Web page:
There are a lot of press reports today about a report from the House of Commons’ Environmental Audit Committee on invasive non-native species which is generating good coverage of the issue.
Bigger news though is that today the European Parliament has voted in the Invasive Alien Species Regulation which means this law will come into force next year. The regulation will see the creation of a black list of species ‘of EU concern’ over the next year which will effectively ban the possession, transport, selling or growing of these species.
While it’s yet to be decided what’s to go on this hit-list, most of the likely species are not related to the ornamental aquatic trade, although we have some concerns that water hyacinth – a popular garden pond plant – and lionfish could be contenders.
This new Regulation isn’t directly related to our #handsoffmyhobby campaign, but the issues behind it are. Many animal rights group point to the invasive potential of species imported by the ornamental fish industry as a reason to ban them. But fish and plants kept properly in an aquarium or pond cannot become invasive if they stay there. OATA actually welcomes this particular piece of EU regulation because we think it will lead to a more level playing field across Europe, although throughout our responses to consultations on it we’ve made the point that a ‘one size fits all’ approach for the whole of Europe isn’t the right way to go.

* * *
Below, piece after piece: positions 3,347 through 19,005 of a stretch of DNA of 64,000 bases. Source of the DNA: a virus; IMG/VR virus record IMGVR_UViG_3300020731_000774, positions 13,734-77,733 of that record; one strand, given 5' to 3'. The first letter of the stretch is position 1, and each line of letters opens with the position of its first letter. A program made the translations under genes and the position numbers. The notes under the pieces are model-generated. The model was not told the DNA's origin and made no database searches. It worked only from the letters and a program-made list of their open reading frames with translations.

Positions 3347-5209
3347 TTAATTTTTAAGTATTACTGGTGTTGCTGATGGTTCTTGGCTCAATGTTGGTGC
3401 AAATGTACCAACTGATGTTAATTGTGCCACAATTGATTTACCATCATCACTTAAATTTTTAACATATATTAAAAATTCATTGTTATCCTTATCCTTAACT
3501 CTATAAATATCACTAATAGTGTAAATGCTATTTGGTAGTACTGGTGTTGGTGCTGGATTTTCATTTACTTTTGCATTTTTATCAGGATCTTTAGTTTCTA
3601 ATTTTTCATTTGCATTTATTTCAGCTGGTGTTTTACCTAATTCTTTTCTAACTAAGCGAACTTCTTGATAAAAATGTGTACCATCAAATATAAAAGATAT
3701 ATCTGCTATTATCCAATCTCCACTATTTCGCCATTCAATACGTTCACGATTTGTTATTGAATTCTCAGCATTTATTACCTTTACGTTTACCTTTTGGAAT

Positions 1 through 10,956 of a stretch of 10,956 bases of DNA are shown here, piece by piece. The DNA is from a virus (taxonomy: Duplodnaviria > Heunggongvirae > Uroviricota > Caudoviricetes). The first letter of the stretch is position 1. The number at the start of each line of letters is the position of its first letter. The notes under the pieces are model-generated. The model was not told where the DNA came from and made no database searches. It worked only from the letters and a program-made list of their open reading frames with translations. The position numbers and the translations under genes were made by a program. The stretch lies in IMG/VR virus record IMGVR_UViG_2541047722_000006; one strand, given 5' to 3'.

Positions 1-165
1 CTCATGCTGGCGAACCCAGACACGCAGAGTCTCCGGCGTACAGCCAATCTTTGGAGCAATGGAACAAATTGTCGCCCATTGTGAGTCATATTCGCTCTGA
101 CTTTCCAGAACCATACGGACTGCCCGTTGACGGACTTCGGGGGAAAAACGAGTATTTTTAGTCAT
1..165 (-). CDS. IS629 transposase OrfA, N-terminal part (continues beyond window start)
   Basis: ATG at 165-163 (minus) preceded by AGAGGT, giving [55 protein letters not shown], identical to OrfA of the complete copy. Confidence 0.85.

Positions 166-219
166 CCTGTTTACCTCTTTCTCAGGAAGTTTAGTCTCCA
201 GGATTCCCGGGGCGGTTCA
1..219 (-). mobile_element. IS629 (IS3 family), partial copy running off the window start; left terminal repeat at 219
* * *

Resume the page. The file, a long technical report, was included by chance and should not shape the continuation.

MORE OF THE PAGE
If businesses selling fish and plants – and the people who buy them – act responsibly then plants and animals that are not native to these shores will not become a problem to the UK countryside. If we want to keep this trade and hobby for the future then we must all play our part by never releasing fish into rivers or streams and by composting plants very carefully.
“Nothing that we trade in should be allowed to cause any harm to the local environment and we should do all we can to avoid this,” said OATA Chief Executive Keith Davenport.
“We need to tell our friends and promote the ‘don’t release’ message in our shops and on our products because we must continue to demonstrate that this industry leads the way in raising awareness about the issues around invasives.”